Yet polls have repeatedly found that a majority of Republican voters, particularly young ones, believe that climate change is real and that the government should take action to reduce carbon dioxide emissions.
Anthony Leiserowitz, director of the Yale program on Climate Change Communication, said that a nationally representative survey of 1,004 registered voters, conducted in March in conjunction with George Mason University, found that 56 percent of Trump voters agreed that climate change was occurring. Just over half of them, however, thought those changes were caused by natural changes in the environment, rather than the result of human-generated emissions.
The number of Americans overall who say climate change is real has risen to 73 percent from 66 percent two years ago, according to the Yale/George Mason poll. But the jump among those who believe in global warming was steepest among Republicans, with a 16 percent increase in two years among all Republicans, and a 19 percent increase among conservative Republicans.
Jay Faison, a North Carolina businessman who describes himself as a conservative Republican, said that denying climate change was “the No. 1 peel-away issue” that could pull voters away from supporting a candidate, according to research conducted by ClearPath, the organization he founded to promote clean energy and climate change policies that could appeal to conservatives.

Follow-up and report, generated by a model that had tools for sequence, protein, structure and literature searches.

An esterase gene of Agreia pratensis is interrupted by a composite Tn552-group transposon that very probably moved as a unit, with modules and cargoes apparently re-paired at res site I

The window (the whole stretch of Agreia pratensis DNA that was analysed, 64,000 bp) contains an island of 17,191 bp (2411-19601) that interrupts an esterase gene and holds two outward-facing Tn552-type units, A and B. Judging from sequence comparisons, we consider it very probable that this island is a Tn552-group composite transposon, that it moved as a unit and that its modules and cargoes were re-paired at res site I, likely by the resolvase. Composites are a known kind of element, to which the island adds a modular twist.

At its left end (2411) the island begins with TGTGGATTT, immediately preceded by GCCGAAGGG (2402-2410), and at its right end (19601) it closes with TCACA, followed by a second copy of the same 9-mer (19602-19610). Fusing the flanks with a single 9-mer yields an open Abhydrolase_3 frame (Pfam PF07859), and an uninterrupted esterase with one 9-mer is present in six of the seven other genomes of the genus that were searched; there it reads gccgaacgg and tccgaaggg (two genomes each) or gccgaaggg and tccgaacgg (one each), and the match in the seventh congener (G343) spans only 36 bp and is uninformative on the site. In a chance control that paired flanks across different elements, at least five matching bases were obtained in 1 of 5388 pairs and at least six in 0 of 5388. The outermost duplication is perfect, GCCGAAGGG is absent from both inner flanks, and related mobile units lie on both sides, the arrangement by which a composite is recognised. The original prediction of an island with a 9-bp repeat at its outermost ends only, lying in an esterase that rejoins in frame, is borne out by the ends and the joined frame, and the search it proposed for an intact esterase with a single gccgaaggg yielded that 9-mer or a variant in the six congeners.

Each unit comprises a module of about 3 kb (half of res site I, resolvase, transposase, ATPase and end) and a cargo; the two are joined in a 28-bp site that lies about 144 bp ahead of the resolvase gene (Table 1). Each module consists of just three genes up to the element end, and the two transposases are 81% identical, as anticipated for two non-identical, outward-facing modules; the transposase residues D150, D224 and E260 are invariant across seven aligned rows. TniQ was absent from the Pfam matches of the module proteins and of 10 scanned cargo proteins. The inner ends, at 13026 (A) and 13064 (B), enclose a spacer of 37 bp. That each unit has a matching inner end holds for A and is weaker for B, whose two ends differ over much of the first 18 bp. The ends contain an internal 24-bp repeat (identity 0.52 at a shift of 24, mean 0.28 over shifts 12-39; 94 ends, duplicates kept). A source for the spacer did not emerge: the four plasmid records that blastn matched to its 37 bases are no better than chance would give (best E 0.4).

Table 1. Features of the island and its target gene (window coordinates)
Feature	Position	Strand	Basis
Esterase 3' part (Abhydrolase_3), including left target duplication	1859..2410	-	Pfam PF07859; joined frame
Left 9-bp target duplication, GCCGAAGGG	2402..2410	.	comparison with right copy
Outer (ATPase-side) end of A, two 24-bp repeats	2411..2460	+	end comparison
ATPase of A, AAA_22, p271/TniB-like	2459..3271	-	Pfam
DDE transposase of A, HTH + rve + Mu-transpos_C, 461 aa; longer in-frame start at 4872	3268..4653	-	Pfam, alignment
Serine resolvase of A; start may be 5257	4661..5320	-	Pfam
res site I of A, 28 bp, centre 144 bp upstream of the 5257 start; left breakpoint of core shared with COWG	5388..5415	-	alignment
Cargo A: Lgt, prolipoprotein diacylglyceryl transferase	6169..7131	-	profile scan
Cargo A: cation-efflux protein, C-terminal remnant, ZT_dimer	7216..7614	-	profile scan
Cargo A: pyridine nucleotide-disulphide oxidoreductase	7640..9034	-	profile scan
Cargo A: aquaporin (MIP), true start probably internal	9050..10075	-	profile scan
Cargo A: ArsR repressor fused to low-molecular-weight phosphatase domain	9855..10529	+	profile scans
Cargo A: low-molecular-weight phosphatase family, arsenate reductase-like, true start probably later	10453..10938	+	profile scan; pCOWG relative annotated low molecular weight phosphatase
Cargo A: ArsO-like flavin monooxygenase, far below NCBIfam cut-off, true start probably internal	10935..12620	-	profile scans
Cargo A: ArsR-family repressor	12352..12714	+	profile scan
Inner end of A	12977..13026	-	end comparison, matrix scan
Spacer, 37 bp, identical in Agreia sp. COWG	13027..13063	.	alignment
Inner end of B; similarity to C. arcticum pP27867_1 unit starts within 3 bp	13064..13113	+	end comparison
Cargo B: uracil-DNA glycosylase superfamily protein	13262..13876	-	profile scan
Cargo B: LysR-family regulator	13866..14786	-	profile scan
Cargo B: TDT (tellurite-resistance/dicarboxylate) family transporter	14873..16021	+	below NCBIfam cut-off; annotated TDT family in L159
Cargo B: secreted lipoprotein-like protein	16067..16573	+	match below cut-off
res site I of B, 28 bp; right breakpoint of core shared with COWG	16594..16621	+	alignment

Faison, who has said he will devote $10 million to persuading Republican candidates to address climate change, said that a platform that emphasized clean energy solutions could make a difference of 1 or even 2 percent in close elections — “which decides a whole lot of elections.”
Like others on both sides of the political aisle, Faison said he had no idea what Trump’s views on climate change might be. But he noted that the candidate had once said in an interview that he believed in “immaculate air.”
“If you believe in air pollution, then perhaps we could get to the same place,” Faison said. “If we have cleaner energy solutions and it brings more energy independence, more jobs, and lower air pollution, then we would do these things even if we don’t agree with scientists on climate change.”
It is a view that echoes those expressed by Cramer, who in the past has said he would support a small carbon tax if the revenue went to research on clean fuel technologies.
“There is no downside in reducing emissions from fuel,” said Cramer, who added that “the climate is clearly changing,” but that he was skeptical about how much humans were contributing to the change, and about the regulatory solutions offered by Democrats.
Climate change has long been far down on the list of issues that voters say are important to them. (Developing clean energy was ranked No. 21 of 23 issues by Trump supporters in the Yale/George Mason survey).
But Jerry Taylor, the president of the Niskanen Center in Washington, a libertarian think tank, said that the importance of issues in voters’ minds may change during an electoral campaign if a candidate talks about them repeatedly.
Taylor said that if Trump continued to deny the existence of climate change, Hillary Clinton could use that to claim that Republicans were anti-science and out of touch with reality.
“Climate contributes significantly to the poor branding of the Republican Party,” he said, adding that just because an issue was a low priority to voters “doesn’t mean it can’t be used to devastating effect against you.”